How many Britons are descended from slave-owners?
About 3,000 British slave-owners received a total of £20m (£1.8bn in today's prices) in compensation when slavery was abolished in 1833, research suggests. Among those who received pay-outs were the ancestors of novelists George Orwell and Graham Greene. What does this research tell us about our history?
At the Oscars at the weekend two of the most heralded films - Lincoln and Django Unchained - centred on the issue of slavery and there has been renewed interest recently in the British Empire's role in the slave trade.
Researchers at University College London (UCL) have just finished a three-year study of British slave-owners and found the ancestors of novelists George Orwell and Graham Greene and the architect Sir George Gilbert Scott all owned slaves.
UCL has launched a new searchable database which allows people to look back and see whether their forebears were slave-owners.
The database is open to the public and allows anyone to find out details of the families involved in slavery in the Caribbean; Mauritius; and the Cape Colony (part of modern-day South Africa).
End Quote Catherine Hall, UCL Project leader
Slavery has been forgotten in conventional British history”
Professor Catherine Hall, who led the research team, told BBC Radio 4's Today programme: "Slavery has been forgotten in conventional British history. What's been remembered is abolition rather than the slave trade, and extraordinarily many people do not know about Britain's colonial past in relation to slavery.
According to ship records it is estimated about 12.5 million people were transported as slaves from Africa to the Americas and the Caribbean from the 16th century until the trade was banned in 1807.
After slavery was abolished in the British Empire in 1833 compensation was paid to the trustees of Orwell's great-great-grandfather Charles Blair.
Orwell's real name was Eric Blair and he was descended from Charles Blair, a Scot who made a fortune in Jamaica before marrying into the English aristocracy.
UCL found compensation was paid to "trustees of Charles Blair", for the 218 enslaved people on the family's East Prospect estate, at St Thomas-in-the-East in Jamaica.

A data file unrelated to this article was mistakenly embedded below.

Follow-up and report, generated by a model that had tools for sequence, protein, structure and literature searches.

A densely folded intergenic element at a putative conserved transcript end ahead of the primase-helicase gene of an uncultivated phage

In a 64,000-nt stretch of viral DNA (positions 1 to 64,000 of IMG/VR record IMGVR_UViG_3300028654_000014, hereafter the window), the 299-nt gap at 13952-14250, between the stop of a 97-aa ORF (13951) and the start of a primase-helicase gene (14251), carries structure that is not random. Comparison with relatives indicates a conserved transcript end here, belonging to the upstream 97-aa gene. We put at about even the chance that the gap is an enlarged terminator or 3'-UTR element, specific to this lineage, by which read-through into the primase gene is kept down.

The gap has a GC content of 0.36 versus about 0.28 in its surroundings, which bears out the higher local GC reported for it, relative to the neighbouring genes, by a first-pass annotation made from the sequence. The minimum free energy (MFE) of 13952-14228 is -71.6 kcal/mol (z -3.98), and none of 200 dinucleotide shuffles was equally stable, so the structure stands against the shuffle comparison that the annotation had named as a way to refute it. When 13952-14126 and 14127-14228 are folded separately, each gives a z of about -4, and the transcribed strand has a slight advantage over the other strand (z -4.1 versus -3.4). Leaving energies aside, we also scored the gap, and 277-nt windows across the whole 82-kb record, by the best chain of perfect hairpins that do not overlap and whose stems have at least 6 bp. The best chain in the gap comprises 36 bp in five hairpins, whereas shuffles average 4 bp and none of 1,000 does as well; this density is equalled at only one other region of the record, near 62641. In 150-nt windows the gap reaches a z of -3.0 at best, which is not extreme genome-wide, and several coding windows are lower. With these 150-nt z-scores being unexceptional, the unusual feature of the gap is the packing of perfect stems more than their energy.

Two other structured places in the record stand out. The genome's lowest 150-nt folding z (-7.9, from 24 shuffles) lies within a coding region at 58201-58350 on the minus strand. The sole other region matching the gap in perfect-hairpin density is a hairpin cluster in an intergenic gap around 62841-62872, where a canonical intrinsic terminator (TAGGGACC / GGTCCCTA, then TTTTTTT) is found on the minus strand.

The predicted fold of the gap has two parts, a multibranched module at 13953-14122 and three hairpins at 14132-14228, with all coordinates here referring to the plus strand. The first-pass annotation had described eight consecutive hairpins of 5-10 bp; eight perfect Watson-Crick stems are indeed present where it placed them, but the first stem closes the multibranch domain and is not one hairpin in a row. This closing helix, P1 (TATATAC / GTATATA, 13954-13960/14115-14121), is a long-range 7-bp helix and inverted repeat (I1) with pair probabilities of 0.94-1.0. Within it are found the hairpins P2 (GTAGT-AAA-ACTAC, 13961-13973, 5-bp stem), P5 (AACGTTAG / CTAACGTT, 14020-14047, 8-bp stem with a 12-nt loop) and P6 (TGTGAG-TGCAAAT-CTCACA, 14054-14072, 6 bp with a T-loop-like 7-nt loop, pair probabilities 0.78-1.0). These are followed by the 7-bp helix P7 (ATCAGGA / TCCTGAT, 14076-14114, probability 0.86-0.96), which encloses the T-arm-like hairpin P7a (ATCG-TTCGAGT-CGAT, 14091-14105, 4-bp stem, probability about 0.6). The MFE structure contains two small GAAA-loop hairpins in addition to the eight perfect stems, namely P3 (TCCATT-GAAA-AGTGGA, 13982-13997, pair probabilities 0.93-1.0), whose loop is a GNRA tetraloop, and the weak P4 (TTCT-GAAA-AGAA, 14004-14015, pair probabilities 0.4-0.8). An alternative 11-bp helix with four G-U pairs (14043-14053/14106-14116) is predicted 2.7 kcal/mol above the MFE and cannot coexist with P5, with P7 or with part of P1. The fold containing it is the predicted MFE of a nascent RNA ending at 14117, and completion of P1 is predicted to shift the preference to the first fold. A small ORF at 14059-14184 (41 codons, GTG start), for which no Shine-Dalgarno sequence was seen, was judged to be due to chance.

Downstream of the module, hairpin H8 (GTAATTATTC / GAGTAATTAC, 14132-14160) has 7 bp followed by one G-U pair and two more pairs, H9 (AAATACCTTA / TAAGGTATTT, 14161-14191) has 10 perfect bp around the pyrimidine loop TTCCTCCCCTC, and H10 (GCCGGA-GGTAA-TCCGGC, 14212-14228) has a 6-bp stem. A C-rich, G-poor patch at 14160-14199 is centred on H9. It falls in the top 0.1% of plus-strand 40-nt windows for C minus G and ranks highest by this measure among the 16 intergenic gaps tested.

Prof Hall, a professor of modern British social and cultural history, said: "The most surprising thing is how embedded the whole slavery business is in British society.
"One of the things we found is that far from the slave owners all being concentrated in the great slaving ports of London, Liverpool, Glasgow and Bristol, there are people all over the country making claims of compensation."
The Abolition of Slavery
- The Abolition of the Slave Trade Act was passed in 1807 by the House of Lords and the House of Commons
- The act banned the slave trade in the British Empire, but not slavery itself
- Parliament then passed the Slavery Abolition Act in 1833, thus making slavery illegal in Britain and giving all slaves in the British Empire their freedom
- Britain was involved in Slavery between 1660 and 1807
Prof Hall said it was "very striking" how many slave owners there were in Scotland.
"The empire offered opportunities to the Scots on a very significant scale and working on the plantations was a favoured choice for Scots seeking their fortunes in the late 18th and early 19th century," she said.
Other famous names who were distantly related to people involved in the slave trade include the Prime Minister, David Cameron; Arts Council chairman Sir Peter Bazalgette; and the celebrity chef Ainsley Harriott.
Most of the slave owners were men, but researchers found many women were also involved, particularly in the Caribbean.
Prof Hall said: "Nearly all of them were small scale though. There are very few wealthy women, because married women had great difficulty in holding any property, so it's single women and widows for the most part."
One of the female slave owners was a widow, Hannah Barnes of Barton Cottage in Dawlish, Devon.
She had an annuity of £400 secured on the Cumberland estate in Jamaica, as well as owning nine slaves in the island's capital, Kingston.
In November 1835 she told the Commissioners of Slave Compensation: "[M]yself, my daughter and her children are entirely dependent for support on what we receive from [my late husband's] Estate; that in consequence of the non-receipt of our remittances for many months past, I am much in want of money."
Prof Hall said: "Our overall finding is that British colonial slave-ownership was of far greater significance in Britain than has previously been recognised.
"What we have done is to establish the life-trajectories of some 3,000 absentee slave-owners in Britain, and analysis of this has allowed us to trace the legacies of slave-ownership in Victorian Britain."
Her colleague on the team, Dr Nick Draper, said: "By looking systematically at estate ownership in the British Caribbean during the last 70 years of slavery we will be able to assess slave-ownership's national significance at the height of the slave system. At the same time we plan to integrate the histories of the enslaved men and women into the histories of the estates on which they lived and worked."